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              Nitric oxide deficiency in chronic kidney disease.

               Chris Baylis (2007)
              The overall production of nitric oxide (NO) is decreased in chronic kidney disease (CKD) which contributes to cardiovascular events and further progression of kidney damage. There are many likely causes of NO deficiency in CKD and the areas surveyed in this review are: 1. Limitations on substrate (l-Arginine) availability, probably due to impaired renal l-Arginine biosynthesis, decreased transport of l-Arginine into endothelial cells and possible competition between NOS and competing metabolic pathways, such as arginase. 2. Increased circulating levels of endogenous NO synthase (NOS) inhibitors, in particular asymmetric dimethylarginine (ADMA). Increased methylation of proteins and their subsequent breakdown to release free ADMA may contribute but the major culprit is probably reduced ADMA catabolism by the enzymes dimethylarginine dimethylaminohydrolases. 3. Reduced renal cortex abundance of the neuronal NOS (nNOS)alpha protein correlates with injury while increasing nNOSbeta abundance may provide a compensatory, protective response. Interventions that can restore NO production by targeting these various pathways are likely to reduce the cardiovascular complications of CKD as well as slowing the rate of progression.
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                Author and article information

                Contributors
                Journal
                Front Physiol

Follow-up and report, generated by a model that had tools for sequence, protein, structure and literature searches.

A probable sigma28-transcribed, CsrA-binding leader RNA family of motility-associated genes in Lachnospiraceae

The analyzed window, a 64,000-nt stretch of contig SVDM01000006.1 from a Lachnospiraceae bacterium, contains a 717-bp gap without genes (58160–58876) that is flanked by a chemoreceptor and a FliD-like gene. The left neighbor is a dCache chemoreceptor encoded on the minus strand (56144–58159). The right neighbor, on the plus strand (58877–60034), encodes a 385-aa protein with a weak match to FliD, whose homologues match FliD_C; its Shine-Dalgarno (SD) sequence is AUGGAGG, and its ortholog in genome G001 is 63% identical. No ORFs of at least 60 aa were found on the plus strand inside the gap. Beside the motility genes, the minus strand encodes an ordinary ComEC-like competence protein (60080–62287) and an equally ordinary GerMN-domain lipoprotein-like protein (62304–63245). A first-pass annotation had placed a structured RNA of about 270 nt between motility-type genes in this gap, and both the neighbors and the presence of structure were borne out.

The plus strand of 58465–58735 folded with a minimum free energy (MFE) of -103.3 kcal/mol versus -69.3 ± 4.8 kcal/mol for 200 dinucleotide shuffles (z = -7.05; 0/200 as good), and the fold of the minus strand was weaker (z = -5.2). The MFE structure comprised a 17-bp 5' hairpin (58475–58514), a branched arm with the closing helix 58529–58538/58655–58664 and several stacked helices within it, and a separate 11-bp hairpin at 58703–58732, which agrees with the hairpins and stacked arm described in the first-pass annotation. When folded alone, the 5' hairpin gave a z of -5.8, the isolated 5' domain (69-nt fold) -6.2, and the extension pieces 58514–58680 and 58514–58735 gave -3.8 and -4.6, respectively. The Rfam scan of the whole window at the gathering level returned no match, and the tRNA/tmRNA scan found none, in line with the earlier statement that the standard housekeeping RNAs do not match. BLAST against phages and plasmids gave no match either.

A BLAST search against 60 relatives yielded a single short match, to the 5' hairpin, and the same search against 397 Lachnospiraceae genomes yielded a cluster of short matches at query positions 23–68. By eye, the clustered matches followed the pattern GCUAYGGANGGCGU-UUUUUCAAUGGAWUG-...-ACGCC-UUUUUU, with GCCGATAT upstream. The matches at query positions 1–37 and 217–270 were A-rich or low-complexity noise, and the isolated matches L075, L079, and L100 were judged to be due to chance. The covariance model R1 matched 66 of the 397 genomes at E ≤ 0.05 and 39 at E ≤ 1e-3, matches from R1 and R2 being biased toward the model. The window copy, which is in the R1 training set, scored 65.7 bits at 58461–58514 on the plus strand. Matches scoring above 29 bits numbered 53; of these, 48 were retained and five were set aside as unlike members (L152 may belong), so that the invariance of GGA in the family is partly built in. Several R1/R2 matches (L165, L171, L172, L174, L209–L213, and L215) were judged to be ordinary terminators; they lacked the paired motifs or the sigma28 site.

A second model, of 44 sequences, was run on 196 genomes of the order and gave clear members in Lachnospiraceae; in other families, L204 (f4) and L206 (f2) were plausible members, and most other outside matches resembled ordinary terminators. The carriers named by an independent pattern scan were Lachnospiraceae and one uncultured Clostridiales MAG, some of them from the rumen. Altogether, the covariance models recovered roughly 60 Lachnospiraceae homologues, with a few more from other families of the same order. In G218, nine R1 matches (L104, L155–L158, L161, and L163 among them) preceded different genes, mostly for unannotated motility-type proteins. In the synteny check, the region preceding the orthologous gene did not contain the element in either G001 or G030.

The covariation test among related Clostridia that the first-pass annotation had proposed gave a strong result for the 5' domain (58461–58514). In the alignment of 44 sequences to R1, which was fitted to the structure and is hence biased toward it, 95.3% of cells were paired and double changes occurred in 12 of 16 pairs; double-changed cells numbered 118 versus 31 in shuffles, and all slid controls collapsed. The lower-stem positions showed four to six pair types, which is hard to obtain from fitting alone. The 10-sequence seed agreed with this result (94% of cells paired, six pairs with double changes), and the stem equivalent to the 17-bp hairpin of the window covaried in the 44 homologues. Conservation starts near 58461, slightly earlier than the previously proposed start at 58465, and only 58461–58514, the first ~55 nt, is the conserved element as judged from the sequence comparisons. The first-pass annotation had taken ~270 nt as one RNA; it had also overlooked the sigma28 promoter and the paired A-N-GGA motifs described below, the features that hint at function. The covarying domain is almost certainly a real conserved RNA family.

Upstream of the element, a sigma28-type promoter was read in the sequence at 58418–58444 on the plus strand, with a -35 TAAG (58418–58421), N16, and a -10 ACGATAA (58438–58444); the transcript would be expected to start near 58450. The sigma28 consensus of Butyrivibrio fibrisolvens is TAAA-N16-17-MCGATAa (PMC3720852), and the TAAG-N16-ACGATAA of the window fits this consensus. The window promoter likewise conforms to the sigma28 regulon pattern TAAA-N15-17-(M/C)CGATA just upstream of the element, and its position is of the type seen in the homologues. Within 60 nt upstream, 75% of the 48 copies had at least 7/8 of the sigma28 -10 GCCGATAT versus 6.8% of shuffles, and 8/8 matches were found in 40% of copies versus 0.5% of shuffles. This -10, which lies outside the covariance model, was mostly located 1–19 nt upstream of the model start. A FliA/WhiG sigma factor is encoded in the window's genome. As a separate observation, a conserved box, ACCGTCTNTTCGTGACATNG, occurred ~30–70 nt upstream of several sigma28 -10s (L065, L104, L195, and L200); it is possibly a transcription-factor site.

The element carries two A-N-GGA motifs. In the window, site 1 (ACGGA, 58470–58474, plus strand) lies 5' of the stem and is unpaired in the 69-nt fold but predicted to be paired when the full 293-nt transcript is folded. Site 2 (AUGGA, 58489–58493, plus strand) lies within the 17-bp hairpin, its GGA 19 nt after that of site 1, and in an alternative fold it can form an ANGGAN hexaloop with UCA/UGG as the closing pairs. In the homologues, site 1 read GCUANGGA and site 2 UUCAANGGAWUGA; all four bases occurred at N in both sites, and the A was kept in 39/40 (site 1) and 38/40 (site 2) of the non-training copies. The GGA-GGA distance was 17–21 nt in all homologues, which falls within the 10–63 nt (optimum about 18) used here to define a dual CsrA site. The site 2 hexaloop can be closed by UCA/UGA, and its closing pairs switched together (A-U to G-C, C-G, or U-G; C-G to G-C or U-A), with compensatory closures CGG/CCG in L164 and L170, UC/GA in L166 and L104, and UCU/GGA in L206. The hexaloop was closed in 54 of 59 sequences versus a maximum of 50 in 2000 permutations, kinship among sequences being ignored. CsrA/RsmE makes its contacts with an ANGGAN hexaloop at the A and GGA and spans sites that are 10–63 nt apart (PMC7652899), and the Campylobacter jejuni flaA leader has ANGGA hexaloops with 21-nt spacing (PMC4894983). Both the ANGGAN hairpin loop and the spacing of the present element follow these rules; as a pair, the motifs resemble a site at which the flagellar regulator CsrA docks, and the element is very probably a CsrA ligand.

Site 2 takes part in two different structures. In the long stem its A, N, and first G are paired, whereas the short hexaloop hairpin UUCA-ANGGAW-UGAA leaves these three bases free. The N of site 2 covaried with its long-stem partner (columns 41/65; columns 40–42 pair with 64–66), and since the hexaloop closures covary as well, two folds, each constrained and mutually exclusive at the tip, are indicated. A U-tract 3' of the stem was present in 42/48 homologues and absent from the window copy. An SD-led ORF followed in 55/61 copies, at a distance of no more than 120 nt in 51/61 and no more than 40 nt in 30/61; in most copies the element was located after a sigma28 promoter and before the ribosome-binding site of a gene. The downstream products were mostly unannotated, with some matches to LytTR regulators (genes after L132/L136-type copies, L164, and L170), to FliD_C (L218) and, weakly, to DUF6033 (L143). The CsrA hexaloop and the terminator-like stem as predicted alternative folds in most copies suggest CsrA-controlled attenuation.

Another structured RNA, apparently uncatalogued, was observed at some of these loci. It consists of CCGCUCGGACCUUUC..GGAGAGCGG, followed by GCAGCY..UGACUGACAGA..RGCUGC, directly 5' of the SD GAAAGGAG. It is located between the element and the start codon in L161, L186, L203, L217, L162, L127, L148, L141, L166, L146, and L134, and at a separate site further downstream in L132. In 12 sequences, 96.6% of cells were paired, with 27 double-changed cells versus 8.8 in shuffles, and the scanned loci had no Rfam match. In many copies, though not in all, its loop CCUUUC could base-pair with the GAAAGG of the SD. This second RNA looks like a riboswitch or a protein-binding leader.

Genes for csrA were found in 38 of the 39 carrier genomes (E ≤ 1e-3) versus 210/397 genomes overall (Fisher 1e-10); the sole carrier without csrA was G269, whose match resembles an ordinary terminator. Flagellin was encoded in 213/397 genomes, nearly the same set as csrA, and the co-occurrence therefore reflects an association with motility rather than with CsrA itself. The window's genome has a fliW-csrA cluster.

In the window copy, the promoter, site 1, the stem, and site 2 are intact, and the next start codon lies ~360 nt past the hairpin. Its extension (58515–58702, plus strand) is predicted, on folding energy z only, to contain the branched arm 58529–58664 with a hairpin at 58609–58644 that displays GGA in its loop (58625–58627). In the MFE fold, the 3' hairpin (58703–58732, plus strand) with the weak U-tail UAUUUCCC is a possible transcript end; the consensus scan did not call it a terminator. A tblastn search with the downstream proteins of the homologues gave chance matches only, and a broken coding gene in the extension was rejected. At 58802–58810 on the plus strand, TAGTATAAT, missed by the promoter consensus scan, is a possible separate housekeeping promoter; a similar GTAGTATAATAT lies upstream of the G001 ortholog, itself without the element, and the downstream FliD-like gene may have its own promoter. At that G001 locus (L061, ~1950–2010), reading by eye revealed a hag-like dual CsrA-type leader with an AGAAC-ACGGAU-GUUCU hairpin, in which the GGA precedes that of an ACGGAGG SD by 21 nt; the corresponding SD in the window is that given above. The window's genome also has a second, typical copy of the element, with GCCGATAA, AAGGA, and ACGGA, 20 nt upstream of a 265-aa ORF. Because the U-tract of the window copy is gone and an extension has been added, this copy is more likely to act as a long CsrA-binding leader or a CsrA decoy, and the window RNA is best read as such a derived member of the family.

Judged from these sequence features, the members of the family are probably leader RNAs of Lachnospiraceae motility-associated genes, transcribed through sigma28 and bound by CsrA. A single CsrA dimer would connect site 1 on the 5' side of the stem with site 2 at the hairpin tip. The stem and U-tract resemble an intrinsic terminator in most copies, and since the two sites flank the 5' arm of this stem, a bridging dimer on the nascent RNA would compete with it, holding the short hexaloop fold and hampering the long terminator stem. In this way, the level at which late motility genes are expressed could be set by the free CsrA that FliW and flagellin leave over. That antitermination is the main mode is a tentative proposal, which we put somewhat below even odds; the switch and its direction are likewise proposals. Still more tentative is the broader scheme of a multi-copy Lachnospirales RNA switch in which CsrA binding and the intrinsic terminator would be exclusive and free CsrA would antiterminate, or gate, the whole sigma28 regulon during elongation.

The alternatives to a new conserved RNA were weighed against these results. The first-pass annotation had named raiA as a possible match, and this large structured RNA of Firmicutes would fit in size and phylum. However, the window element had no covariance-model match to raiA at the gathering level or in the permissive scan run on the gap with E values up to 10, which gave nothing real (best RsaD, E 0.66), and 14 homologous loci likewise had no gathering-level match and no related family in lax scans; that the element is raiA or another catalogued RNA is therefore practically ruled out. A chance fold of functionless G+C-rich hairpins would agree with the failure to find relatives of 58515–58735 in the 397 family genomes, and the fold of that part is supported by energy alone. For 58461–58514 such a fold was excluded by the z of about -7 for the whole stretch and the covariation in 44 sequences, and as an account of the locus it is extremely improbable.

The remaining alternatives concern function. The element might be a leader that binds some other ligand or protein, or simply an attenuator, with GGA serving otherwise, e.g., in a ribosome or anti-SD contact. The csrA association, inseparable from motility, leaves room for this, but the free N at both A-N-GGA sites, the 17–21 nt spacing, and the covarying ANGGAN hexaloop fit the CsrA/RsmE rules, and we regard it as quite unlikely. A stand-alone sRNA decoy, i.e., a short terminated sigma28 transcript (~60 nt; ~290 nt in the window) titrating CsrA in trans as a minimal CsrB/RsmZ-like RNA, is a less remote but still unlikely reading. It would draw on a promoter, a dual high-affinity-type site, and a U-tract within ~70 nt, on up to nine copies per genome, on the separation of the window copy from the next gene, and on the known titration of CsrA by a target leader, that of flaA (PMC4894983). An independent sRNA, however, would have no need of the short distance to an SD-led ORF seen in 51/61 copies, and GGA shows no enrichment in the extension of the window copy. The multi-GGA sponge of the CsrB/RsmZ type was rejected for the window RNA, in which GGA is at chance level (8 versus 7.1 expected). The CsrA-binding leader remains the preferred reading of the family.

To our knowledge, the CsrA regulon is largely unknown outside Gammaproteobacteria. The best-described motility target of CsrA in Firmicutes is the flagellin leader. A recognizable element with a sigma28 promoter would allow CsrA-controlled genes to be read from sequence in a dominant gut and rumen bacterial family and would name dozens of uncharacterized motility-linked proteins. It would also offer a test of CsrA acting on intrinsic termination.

Front Physiol
                Front. Physiol.
                Frontiers in Physiology
                Frontiers Media S.A.
                1664-042X
                16 February 2018
                2018
                : 9
                Affiliations
                1Department of Pharmacology and Toxicology, University of Mississippi Medical Center , Jackson, MS, United States
                2Department of Endocrinology and Metabolism, The Affiliated Hospital of Qingdao University , Qingdao, China
                Author notes

                Edited by: Jing-Yan Han, Peking University, China

                Reviewed by: Suowen Xu, University of Rochester, United States; Ningjun Li, Virginia Commonwealth University, United States

                *Correspondence: Richard J. Roman rroman@ 123456umc.edu

                This article was submitted to Vascular Physiology, a section of the journal Frontiers in Physiology

                Article
                10.3389/fphys.2018.00105
                5820314
                Copyright © 2018 Lv, Booz, Fan, Wang and Roman.

                This is an open-access article distributed under the terms of the Creative Commons Attribution License (CC BY). The use, distribution or reproduction in other forums is permitted, provided the original author(s) and the copyright owner are credited and that the original publication in this journal is cited, in accordance with accepted academic practice. No use, distribution or reproduction is permitted which does not comply with these terms.

                Page count
                Figures: 2, Tables: 2, Equations: 0, References: 116, Pages: 11, Words: 9583
                Funding
                Funded by: National Institutes of Health 10.13039/100000002
                Award ID: HL36279
                Award ID: DK104184
                Award ID: AG050049
                Award ID: P20GM104357
                Funded by: American Heart Association 10.13039/100000968
                Award ID: 16GRNT31200036
                Funded by: National Natural Science Foundation of China 10.13039/501100001809
                Award ID: 81270939
                Award ID: 81472983
                Award ID: 81571625
                Funded by: Natural Science Foundation of Shandong Province 10.13039/501100007129
                Award ID: ZR2017MH069
                Categories
                Physiology
                Review